7.1/10
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150 user 39 critic

Swimming with Sharks (1994)

R | | Comedy, Crime | 21 April 1995 (USA)
A young, naive Hollywood studio assistant finally turns the tables on his incredibly abusive producer boss.

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4 wins & 4 nominations. See more awards »

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Cast

Complete credited cast:
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Guy
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Rex
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Matthew Flint ...
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Moe
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Storyline

A young Hollywood executive becomes the assistant to a big time movie producer who is the worst boss imaginable: abusive, abrasive and cruel. But soon things turn around when the young executive kidnaps his boss and visits all the cruelties back on him. Written by Jason Ihle <jrihl@conncoll.edu>

Plot Summary | Plot Synopsis

Taglines:

In Hollywood all his dreams could come true... But first he has to make coffee. See more »

Genres:

Comedy | Crime

Motion Picture Rating (MPAA)

Rated R for some scenes of psychological/physical torture and pervasive strong language | See all certifications »

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Details

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Release Date:

21 April 1995 (USA)  »

Also Known As:

The Boss  »

Box Office

Budget:

$700,000 (estimated)

Gross:

$376,928 (USA)
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Company Credits

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Technical Specs

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1.85 : 1
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Did You Know?

Trivia

The quote "...you've got no brains. Because there are no story-book romances, no fairy-tale endings. So before you run out and change the world, ask yourself, 'What do you really want?" was sampled for the track "Blindeye" on the 1998 Circle of Dust album, Disengage. See more »

Goofs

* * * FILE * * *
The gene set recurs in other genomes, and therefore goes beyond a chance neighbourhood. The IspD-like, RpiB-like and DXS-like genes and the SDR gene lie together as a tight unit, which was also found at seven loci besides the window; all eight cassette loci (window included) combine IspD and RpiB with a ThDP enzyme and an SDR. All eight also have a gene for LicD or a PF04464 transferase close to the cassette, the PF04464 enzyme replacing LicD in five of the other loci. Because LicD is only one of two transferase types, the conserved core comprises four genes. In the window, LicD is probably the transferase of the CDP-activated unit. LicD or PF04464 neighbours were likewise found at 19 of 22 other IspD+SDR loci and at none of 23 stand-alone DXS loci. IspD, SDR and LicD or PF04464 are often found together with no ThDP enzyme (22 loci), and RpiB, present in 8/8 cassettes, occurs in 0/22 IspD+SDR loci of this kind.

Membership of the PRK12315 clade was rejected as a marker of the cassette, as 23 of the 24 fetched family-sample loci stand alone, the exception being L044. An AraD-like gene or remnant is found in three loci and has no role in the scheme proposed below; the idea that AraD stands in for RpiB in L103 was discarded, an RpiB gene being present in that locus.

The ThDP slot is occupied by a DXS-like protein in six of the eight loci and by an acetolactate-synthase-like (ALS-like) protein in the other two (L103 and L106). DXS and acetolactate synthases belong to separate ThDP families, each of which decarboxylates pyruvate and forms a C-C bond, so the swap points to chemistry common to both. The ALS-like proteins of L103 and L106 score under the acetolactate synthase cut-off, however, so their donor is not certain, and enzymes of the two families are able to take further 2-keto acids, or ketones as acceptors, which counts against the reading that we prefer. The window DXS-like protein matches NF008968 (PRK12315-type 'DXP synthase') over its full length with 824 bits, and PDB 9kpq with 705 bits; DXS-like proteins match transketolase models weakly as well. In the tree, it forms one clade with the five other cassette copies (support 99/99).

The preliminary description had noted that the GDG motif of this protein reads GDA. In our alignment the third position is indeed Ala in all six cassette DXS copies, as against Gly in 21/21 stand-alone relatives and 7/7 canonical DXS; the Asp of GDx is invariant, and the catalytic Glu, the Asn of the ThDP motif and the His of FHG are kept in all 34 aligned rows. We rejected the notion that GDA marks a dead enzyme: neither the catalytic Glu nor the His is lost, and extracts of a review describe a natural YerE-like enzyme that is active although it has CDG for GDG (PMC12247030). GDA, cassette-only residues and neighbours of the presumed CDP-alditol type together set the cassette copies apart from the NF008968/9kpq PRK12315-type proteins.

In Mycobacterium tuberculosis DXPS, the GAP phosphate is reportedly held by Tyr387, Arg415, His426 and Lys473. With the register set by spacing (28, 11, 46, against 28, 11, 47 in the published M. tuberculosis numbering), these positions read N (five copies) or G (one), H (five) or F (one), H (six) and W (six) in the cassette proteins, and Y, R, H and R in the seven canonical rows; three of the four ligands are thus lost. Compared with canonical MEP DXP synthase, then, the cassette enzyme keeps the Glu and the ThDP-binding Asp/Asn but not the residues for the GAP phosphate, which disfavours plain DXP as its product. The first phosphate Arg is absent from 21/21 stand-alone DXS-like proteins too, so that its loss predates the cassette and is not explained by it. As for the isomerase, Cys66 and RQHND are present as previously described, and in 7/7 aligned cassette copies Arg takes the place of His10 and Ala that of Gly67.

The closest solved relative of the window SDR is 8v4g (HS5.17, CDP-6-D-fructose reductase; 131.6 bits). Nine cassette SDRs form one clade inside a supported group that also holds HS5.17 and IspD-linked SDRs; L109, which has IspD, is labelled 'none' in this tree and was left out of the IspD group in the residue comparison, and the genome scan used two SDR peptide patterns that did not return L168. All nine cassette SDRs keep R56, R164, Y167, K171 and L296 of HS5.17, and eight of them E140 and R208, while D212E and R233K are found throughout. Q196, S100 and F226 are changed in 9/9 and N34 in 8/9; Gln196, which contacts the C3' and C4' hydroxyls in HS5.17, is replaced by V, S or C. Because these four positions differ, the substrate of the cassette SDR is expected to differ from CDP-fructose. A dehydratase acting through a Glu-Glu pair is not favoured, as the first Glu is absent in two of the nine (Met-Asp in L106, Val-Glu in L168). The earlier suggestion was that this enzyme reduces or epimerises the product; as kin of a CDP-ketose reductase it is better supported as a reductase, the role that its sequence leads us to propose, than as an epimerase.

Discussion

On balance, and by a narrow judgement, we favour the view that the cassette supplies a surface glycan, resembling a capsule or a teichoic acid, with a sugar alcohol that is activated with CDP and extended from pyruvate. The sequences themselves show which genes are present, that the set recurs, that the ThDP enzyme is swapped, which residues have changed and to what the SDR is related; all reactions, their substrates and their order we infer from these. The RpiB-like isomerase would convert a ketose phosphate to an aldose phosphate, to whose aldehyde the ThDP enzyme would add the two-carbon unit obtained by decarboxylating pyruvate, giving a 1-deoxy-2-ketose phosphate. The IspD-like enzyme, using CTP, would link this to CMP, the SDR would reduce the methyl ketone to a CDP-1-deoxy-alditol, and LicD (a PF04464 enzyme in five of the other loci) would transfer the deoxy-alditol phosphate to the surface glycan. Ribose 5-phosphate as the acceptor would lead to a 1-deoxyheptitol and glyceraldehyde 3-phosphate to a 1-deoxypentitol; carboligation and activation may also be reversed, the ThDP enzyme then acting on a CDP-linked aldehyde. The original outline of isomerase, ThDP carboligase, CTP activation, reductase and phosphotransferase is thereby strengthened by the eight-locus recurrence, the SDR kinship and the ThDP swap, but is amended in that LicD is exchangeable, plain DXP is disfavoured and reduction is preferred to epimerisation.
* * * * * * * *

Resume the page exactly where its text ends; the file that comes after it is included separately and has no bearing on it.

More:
When Guy is recalling his favorite movie memories on his first date with Dawn, he recalls the summer of 1988, in which he saw Indiana Jones and the Last Crusade, a movie that was released in 1989. Then again, Gabe Kaplan was not in The Fish That Saved Pittsburgh as Guy says he was, so it's clear that his memory isn't all that he claims. He was probably thinking of Fast Break in which Kaplan played a basketball coach. See more »

Quotes

Buddy: You're happy. I hate that!
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Connections

References Raiders of the Lost Ark (1981) See more »

Soundtracks

HUMPTY DUMP
Written by Roscoe Porter
Performed by The Vibrettes
Published by Shuggie Music, Administered by Bug Music (BMI)
Courtesy of Luv N' Haight Records
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User Reviews

 
Why is this so enjoyable?
1 June 2006 | by (London, England) – See all my reviews

Swimming with Sharks sees Guy (Frank Whaley) attempt to "turn the tables" on his abusive boss Buddy (Kevin Spacey), and while this makes the film simple and unoriginal in terms of plot, it is a cut above the rest thanks to the performances of its small cast.

One would assume that we would root for Guy, the innocent graduate demeaned by his aggressive boss, but the way the film tells the story prevents us from empathizing with him (as does his awful haircut); knowing that he tortures Buddy physically for his mental abuse complicates our response, and puts us on Buddy's side, allowing us to enjoy the games Buddy plays with Guy. This is something that's made very easy to do by the acting. Kevin Spacey is typically excellent as Buddy Ackerman and is the most engaging character in the film, remaining funny and manipulative throughout, even while being tortured and held hostage, as well as handling the more serious emotional aspects of his character expertly. Frank Whaley is also brilliant, playing the overwhelmed lapdog who is eventually pushed over the edge by Buddy's abuse. Importantly however, despite his plans for revenge, he remains under Buddy's spell right up until the end, and is eventually broken.

The film's conclusion further complicates our responses to both characters. The hostage situation revelations pull the audience between the impassioned-now-heartless Buddy and the desperate and confused Guy, but ultimately good does not prevail, and the shooting and Buddy's manipulation of the situation remove us from both characters as the film ends.

All in all, Swimming with Sharks is an enjoyable film. The simple plot and small cast are compensated for by some fine performances; it's funny , well-acted, and definitely worth watching.


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